8. ALL NEW X-FACTOR #16: 6 votes
9. SCOOBY DOO TEAM UP #7: 5 votes
10. BATMAN ETERNAL #31: 4 votes

(In the case of the tie for fourth, I flipped a coin. In the case of the tie for sixth, I used an online list randomizer. And, in adding up the votes, choosing less than three comics didn’t make your vote count more. And, if you listed more than three, I only counted the first three you gave. The others are dead to me.)

So, tomorrow, I will be buying the top three books that my shop has — say there are no rack copies of Gothan Academy #2, I would move onto Grayson #4 and so on until I have three new books. I will then write about all three later this week. Maybe in separate posts. Maybe together. We’ll see how I’m feeling.

Thanks for your help!

The Great Comic Book Cover Homage Streak: Week 110

It occurs to me that it seems like many comic book covers are homages. Which is fine with me. I have no problem with it. It just made me think, though, how long could I go before I hit a week where NO new comic book was released that had a cover that was an homage to something? Let’s find out! Here is an archive of all the cover homages featured in the streak so far!

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Year of the Artist, Day 308: Mark Texeira, Part 4 – Black Panther #2

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Every day this year, I will be examining the artwork on a single comic book story. Today’s artist is Mark Texeira, and the issue is Black Panther #2, which was published by Marvel and is cover dated December 1998. These scans are from the trade paperback, which came out in 2001. Enjoy!
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Reminder: Pick What I Buy on Wednesday

There’s around 26 hours left in the comment-voting to determine which three comics I’ll buy on Wednesday. Head there, see the full details, and leave your comment.

Year of the Artist, Day 307: Mark Texeira, Part 3 – Megalith #1

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Every day this year, I will be examining the artwork on a single comic book story. Today’s artist is Mark Texeira, and the issue is Megalith #1, which was published by Continuity and is cover dated 1989. Enjoy!
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3 Chicks Review Comics – Episode #074 – The Phil Noto Interview

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Inside this episode! 

We begin with a review of Brian K. Vaughan and Fiona Staples Saga #24, last issue before the hiatus (and triumphant return again in 2015). We’ve also got a review of Terry Moore’s Rachel Rising #29. Next up we have an interview this week with the lovely and talented Phil Noto. Phil dishes on all things Black Widow, talks process, his forthcoming Marvel “snapshot” variant covers which came about thanks to his excellent tumblr Your Nice New Outfit, and gets geeky with us on favorite characters (I find a way to talk about Rogue, because I will ALWAYS find a way!) Sue and I also talk about the big Marvel Film announcements – most notably of course – Captain Marvel and after we’re done gushing about how excited we are about that we get into the continued nonsense that is a lack of a Black Widow movie. We also talk a bit about developments on the forthcoming Supergirl, and I get borderline inconsolable about the cancellation of She-Hulk. Enjoy!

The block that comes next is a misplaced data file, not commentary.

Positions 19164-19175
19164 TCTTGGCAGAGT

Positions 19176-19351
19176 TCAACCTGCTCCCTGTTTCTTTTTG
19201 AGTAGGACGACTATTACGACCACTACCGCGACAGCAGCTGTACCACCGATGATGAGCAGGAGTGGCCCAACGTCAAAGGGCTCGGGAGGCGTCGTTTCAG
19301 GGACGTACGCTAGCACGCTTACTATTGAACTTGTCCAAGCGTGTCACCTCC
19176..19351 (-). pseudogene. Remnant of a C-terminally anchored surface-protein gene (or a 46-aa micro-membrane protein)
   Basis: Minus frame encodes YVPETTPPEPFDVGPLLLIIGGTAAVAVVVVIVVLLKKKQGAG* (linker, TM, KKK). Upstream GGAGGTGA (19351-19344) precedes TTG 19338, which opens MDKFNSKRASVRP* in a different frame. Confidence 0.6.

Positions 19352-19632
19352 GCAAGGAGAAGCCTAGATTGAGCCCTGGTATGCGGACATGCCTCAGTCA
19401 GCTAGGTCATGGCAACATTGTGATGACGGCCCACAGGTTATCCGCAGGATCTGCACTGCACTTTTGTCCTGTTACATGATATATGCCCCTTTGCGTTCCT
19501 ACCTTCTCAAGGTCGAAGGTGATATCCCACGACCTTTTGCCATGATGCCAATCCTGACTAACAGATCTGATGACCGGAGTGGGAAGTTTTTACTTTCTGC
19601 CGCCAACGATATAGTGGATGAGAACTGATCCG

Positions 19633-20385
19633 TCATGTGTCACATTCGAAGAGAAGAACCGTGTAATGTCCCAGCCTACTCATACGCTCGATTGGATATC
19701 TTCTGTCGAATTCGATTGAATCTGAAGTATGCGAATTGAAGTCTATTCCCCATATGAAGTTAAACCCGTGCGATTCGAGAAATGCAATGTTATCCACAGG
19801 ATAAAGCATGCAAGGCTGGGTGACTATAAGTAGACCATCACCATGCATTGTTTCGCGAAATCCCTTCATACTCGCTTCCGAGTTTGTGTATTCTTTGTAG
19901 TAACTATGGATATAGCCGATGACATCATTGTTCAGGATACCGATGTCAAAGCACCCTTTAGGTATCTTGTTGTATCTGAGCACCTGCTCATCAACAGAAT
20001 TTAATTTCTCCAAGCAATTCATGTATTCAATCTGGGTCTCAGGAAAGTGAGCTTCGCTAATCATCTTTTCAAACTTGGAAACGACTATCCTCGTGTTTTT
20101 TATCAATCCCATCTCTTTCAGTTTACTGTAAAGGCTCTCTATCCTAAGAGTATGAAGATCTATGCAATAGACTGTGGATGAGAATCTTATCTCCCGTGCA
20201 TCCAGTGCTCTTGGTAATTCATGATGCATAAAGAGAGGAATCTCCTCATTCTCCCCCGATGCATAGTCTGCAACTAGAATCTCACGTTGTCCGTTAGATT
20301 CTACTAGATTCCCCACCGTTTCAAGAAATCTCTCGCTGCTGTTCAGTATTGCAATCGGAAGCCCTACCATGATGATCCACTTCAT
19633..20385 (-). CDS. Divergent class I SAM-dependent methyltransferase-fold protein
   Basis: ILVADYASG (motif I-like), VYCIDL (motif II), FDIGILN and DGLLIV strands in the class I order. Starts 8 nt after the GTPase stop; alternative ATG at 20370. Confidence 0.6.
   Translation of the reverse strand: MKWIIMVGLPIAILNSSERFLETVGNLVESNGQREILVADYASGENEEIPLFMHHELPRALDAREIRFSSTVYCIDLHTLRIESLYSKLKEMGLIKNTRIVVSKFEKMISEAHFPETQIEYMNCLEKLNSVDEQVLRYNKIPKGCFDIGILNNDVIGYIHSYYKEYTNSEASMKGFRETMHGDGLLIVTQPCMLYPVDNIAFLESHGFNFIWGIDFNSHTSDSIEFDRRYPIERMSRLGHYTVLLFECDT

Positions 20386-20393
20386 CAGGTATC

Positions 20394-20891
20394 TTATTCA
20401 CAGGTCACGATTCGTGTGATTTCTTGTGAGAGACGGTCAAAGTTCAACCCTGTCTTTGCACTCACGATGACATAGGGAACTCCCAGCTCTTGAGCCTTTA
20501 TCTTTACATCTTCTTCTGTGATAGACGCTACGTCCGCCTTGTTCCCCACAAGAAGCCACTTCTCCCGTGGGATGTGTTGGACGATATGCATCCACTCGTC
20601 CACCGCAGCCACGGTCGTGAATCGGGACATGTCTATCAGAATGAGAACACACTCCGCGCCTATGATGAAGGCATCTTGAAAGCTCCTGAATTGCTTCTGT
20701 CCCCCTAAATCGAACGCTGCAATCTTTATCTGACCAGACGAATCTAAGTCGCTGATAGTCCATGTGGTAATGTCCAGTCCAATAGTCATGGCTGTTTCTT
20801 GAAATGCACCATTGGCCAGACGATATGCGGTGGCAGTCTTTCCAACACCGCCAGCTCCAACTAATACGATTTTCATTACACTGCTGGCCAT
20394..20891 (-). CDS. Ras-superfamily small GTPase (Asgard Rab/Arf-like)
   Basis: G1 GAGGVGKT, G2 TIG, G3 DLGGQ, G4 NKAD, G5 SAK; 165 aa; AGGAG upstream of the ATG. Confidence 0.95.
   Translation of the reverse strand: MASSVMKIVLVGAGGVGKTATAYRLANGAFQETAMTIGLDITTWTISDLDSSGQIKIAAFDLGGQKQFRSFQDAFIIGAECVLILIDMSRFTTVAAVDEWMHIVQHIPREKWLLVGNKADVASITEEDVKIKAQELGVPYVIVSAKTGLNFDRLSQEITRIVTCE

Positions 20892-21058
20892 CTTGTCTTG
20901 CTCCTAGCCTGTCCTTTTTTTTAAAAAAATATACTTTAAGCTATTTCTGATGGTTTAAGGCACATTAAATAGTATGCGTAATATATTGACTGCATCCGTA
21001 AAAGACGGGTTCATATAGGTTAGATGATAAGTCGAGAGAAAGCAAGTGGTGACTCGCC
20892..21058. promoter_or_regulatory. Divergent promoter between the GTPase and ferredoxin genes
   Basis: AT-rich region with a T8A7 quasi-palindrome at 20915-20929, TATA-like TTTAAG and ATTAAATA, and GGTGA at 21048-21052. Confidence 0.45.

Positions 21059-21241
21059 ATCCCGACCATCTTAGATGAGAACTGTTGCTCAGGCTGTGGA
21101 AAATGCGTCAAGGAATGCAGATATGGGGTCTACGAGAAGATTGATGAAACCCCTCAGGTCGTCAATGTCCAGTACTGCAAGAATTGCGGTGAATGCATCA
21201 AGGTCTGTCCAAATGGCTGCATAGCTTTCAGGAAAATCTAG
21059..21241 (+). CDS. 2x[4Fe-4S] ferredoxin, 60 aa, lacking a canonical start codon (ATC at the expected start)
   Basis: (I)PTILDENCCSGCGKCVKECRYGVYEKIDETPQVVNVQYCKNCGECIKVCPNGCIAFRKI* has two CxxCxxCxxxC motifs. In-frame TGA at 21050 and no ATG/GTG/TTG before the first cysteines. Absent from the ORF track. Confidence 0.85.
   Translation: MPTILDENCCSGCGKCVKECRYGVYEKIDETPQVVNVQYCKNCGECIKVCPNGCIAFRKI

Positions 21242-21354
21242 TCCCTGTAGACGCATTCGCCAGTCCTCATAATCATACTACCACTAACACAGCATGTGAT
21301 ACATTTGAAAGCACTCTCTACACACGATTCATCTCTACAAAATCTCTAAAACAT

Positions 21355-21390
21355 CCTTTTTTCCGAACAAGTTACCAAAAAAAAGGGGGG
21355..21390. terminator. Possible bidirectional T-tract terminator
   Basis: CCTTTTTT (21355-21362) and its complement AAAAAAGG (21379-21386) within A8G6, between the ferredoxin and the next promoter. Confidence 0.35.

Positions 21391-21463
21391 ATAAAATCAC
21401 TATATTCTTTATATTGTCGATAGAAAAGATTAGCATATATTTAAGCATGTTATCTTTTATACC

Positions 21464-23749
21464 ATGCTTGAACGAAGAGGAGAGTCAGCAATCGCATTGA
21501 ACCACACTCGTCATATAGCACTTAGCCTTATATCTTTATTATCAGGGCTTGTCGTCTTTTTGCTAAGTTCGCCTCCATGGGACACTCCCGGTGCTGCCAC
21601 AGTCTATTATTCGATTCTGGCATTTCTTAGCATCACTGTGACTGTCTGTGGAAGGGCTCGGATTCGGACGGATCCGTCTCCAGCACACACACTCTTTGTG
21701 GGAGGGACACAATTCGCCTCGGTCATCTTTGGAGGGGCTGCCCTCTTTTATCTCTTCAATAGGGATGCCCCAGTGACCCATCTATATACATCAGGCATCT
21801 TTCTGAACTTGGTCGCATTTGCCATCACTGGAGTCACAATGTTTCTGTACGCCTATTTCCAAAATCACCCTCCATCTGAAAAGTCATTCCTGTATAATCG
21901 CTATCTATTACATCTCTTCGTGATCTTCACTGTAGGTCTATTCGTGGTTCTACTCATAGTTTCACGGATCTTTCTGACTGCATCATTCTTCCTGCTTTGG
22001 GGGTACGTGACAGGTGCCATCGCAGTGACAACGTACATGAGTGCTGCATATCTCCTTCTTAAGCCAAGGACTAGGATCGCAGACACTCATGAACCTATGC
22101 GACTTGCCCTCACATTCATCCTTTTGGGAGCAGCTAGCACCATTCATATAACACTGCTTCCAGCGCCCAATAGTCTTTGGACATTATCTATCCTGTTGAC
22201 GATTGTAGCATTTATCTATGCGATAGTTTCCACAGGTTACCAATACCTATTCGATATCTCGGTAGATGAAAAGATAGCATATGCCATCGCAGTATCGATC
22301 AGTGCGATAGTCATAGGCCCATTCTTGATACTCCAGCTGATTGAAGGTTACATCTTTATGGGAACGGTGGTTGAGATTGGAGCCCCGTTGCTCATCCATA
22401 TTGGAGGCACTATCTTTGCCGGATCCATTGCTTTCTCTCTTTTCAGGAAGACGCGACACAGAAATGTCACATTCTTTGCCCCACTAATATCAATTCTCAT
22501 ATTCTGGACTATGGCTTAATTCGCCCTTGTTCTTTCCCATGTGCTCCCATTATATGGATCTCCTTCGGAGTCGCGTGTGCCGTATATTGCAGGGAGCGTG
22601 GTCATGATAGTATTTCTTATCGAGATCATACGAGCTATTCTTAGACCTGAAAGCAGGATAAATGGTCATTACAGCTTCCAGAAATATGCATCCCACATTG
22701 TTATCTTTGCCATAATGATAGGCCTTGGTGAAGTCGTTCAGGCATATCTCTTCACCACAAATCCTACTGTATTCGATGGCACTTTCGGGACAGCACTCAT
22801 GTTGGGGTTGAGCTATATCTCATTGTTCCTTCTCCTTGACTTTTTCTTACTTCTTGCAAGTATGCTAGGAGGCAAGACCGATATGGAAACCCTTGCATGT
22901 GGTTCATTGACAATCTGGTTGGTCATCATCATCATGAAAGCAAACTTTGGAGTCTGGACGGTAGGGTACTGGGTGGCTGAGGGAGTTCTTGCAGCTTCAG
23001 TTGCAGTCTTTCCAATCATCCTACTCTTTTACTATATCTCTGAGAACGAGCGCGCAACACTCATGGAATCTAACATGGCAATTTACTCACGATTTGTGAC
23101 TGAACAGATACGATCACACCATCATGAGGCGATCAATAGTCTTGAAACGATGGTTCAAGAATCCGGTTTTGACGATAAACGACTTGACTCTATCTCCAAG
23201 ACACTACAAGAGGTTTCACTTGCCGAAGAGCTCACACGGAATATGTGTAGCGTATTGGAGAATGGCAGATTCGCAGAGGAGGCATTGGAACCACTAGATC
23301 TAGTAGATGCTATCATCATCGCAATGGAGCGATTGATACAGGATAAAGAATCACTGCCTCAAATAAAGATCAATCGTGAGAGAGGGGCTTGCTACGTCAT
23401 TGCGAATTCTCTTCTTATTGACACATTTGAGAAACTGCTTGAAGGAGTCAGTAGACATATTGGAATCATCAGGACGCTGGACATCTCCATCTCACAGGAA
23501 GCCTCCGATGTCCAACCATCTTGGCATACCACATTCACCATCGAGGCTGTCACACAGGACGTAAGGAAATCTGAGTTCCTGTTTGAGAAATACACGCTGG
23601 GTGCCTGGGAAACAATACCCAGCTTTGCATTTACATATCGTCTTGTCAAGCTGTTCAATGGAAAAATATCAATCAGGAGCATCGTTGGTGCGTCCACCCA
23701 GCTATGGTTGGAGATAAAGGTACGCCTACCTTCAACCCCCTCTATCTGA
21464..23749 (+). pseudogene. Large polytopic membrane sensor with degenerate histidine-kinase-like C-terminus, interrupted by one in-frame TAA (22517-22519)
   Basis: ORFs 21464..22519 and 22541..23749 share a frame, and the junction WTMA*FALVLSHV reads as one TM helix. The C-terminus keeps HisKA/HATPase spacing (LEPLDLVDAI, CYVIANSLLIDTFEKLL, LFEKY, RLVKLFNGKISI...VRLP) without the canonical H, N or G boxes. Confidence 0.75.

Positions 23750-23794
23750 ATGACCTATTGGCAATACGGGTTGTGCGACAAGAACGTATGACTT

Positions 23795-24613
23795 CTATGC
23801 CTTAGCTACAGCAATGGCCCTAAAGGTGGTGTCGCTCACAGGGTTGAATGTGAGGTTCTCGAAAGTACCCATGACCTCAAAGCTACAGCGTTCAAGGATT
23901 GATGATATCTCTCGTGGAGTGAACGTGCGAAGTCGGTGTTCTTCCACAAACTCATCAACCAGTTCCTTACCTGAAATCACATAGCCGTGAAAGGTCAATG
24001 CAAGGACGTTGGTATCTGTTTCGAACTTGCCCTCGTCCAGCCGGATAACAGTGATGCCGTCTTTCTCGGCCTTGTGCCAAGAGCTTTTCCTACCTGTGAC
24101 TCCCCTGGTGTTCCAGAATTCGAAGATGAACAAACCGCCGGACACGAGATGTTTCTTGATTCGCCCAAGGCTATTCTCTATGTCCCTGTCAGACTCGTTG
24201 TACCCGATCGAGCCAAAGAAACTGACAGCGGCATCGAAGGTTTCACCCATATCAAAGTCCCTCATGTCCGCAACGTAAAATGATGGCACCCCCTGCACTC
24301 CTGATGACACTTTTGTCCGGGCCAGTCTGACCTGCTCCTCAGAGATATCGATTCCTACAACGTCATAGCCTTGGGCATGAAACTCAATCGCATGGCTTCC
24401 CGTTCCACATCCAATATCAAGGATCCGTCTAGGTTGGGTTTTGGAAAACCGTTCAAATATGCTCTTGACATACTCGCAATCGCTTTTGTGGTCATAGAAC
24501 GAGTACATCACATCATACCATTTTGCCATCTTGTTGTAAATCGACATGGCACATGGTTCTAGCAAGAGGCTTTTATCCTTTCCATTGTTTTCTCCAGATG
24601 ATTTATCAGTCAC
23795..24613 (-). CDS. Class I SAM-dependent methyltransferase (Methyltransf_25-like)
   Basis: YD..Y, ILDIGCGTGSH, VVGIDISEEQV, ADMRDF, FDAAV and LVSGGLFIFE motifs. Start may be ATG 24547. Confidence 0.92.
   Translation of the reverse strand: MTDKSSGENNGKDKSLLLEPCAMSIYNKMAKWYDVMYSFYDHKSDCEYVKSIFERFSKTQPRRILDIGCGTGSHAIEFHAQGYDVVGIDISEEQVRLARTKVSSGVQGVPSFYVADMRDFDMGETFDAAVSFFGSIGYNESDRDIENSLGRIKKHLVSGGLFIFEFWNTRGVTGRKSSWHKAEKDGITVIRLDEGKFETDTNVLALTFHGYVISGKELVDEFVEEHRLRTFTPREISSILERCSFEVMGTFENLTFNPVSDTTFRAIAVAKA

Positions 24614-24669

3 Chicks Review Comics is a podcast featuring female comics lovers and bloggers. Sue from DC Women Kicking Ass and Kelly Thompson from She Has No Head! Tune in to CSBG every other Monday at noon as we review comics and discuss hot topics of the week. In addition to the blogs above, you can also follow us all on twitter as well: Kelly and Sue.  Special thanks to Caanan Grall for our incredible 3 Chicks Logo and to Nik Furious for our awesome 3 Chicks theme song.

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Year of the Artist, Day 306: Mark Texeira, Part 2 – Jonah Hex #89 and Hex #14

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Every day this year, I will be examining the artwork on a single comic book story. Today’s artist is Mark Texeira, and the issues are Jonah Hex #89 and Hex #14, both of which were published by DC and are cover dated February 1985 and October 1986, respectively. Enjoy!
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Boys, Toys, Electric Irons, and TVs 25: Futures End #26

This has been a year of considering the same things over and over again. I first did it with my in-depth examination of Age of Ultron #10. Now, I’ve fallen into that habit here every week, examining the same ideas again and again and again as they pop every week in Futures End and Jonathan Hickman’s Avengers titles. I’ve been doing it elsewhere in my life as well. It’s rewarding to continually find new things in the same. But, I want to try something different this week: a close reading of Futures End #26, where we’ll go scene-by-scene and see what’s there. Maybe I’ll just wind up repeating the same old ideas anyway. Who knows.

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Comic Book Questions Answered – Why Aren’t There Any Marvel Comics on The Big Bang Theory?

Comic Book Questions Answered – where I answer whatever questions you folks might have about comic books (feel free to e-mail questions to me at bcronin@comicbookresources.com). Here is a link to an archive of all the past questions that have been answered so far.

Today we look at a question by reader C.M.Griffin about the reasoning behind Marvel Comics not appearing on The Big Bang Theory.